Young migrant entrepreneurs finding ways to thrive

Despite many setbacks, young migrant entrepreneurs are finding ways to thrive in New South Wales.

Prospects for International students and aspiring entrepreneurs appear quite bleak. Between being threatened with deportation in the US, increased geopolitical tensions between home and host countries, and a ‘perfect storm’ for employment exploitation.

Thankfully New South Wales is bucking this trend.

Haymarket HQ has continued to find new ways to support migrant entrepreneurs, including hosting the FFWD HUB Finals Night on 8 July. Celebrating the hard work and entrepreneurial tenacity of international students in New South Wales.he FFWD HUB team, supporters, mentors, and judges, guided 100 aspiring entrepreneurs from 33 countries to develop their ideas from scratch, to pitch ready teams.  

The Pitch Night featured the top 7 startup ideas developed throughout the virtual FFWD HUB program. These teams pitched their startup idea to investors and industry mentors, with the chance to win 3 months office space in the city. (If you missed the event, you can re-watch it here).


As a judge for the event, it was obvious how these young entrepreneurs had discovered problems in their everyday lives and assessed how they were uniquely placed to creatively solve them. One competitor saw how her international student friends were struggling to find affordable housing as well as many elderly Australians living alone so explored a marketplace platform to match the two sides.

Using the Lean Methodology, the program was built on the idea that entrepreneurial skill-building and confidence is the key to landing a first job – or even creating your own source of income!

Jonathan Chak (who is also one a UNSW Founders Startup Coach) spearheaded the program, guiding the students and their startup ideas over 6 weeks. (PS remember UNSW-affiliated startups can book in a coaching session with Jonathan here!)

Chak’s program looks at the fundamentals of early stage startup science:

  • Setting up your experiment (to test your hypothesis)
  • Defining your customers
  • Creating a landing page
  • Running your experiment
  • Upgrading your experiment
  • Building your MVP

CareerCare, who took out second place on the night, had surveyed over 100 students and advisors to get a deep understanding of what problems their users are facing when choosing a career after graduation. Raditia Haryo Kusuma and Roshan Bharwani, who are both international students studying at UNSW and involved in the Founders Coach&Connect program, have already created a 400+ strong community within 6 weeks of coming up with the concept. (Watch their full pitch at 33:35mins).


Another startup, EcoFoodly, created by recent UNSW graduate and UNSW Founders Pre-accelerator participant Jeffrey Lu, is aiming to reduce food waste in supermarkets and give people access to cheaper and fresh produce. Lu has created a testing model for the future app, by simply connecting people in a Facebook group. Group members share discounted food they find at supermarkets, flagging it for other users to also benefit.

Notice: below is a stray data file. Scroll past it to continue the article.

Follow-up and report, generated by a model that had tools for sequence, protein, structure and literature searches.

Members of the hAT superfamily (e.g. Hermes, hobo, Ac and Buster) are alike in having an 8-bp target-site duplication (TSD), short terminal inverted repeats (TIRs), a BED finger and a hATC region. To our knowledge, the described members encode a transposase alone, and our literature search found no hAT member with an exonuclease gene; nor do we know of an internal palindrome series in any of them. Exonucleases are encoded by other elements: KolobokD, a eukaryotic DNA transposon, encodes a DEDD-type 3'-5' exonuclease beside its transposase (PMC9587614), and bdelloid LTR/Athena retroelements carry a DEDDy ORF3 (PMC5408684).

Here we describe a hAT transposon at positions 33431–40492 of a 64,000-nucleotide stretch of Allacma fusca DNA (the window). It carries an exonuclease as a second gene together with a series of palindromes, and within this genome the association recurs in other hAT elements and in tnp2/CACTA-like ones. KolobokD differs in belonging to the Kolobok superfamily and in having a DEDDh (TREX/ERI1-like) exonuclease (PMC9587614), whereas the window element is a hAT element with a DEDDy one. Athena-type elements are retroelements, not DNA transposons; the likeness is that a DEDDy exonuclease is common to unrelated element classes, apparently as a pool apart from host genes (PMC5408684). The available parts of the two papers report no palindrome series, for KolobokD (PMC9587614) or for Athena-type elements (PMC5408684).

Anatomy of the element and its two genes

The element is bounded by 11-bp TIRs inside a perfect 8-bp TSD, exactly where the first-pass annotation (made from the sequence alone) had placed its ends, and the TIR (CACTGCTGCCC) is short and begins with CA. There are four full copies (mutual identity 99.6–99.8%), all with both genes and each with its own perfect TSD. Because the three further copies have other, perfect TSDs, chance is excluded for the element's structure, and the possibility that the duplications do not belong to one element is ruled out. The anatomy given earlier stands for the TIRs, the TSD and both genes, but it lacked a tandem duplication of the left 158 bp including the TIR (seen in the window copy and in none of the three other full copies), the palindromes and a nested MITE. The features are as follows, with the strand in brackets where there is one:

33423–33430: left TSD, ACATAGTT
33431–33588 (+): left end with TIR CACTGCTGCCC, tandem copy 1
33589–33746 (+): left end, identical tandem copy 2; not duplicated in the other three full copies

It is well documented that immigrants contribute disproportionately to entrepreneurship, both here in Australia and abroad and these entrepreneurs provide us with more diversity and innovation in our entrepreneurial ecosystems, from social enterprise to tech.

Immigrants are not just starting more businesses in their host countries. According to some metrics, they are building more successful ones. A Harvard Business school study comparing immigrant-founded businesses in the U.S to local-founded ones showed that the immigrant-founded companies perform better in terms of employment growth over three- and six-year time periods.

Fellow FFWD HUB judge Khunapong Khunaraksa provided inspiration for the young entrepreneurs, who may be unsure to take the plunge into starting their own projects. Khunaraska, who graduated from UNSW Master of Engineering in 2010, is a water and sustainability expert, helping build a $2.1m portfolio for over the last decade. These days, he coaches young entrepreneurs on storytelling and how to make their pitches more attractive to investors and customers.


It is clear international student and immigrant entrepreneurship are beneficial for the Australian startup and business ecosystems. Chak, who was once a migrant entrepreneur himself, reflected on the program; “Practising entrepreneurship helps with the transformation of our own being.” He witnessed student entrepreneurs at the FFWD HUB “transform from not knowing where to start, to confidently reaching out to their customers, and pitching their idea in front of the camera.”

Despite the chaos of the past six months, it’s been great to see the community support for international student entrepreneurs. COVID-19 restrictions have meant that most startup programs in Australia, including UNSW Founders and FFWD HUB, have transitioned online. This has also opened broader and farther reaching support to entrepreneurs, irrespective of geographical location.

During the UNSW Founders Pre-accelerator program, I’ve sat is breakout rooms with founders based in India, Pakistan, Indonesia and the U.S - some like Awais from XpertFlow - who are waking up around 4am in the morning just to join sessions and meet other entrepreneurs.

We hope to see the entrepreneurial community meeting again in person, and for international students to be able to study where they like.  In the meantime, I’m going to appreciate the connections I’m making from across the world and take joy in watching student entrepreneurs innovate and thrive in difficult times.  


Tash Jamieson is the UNSW Global Founders Program Manager. You can book in a Coach & Connect session with Tash here, and start strategising how to make your startup idea a reality.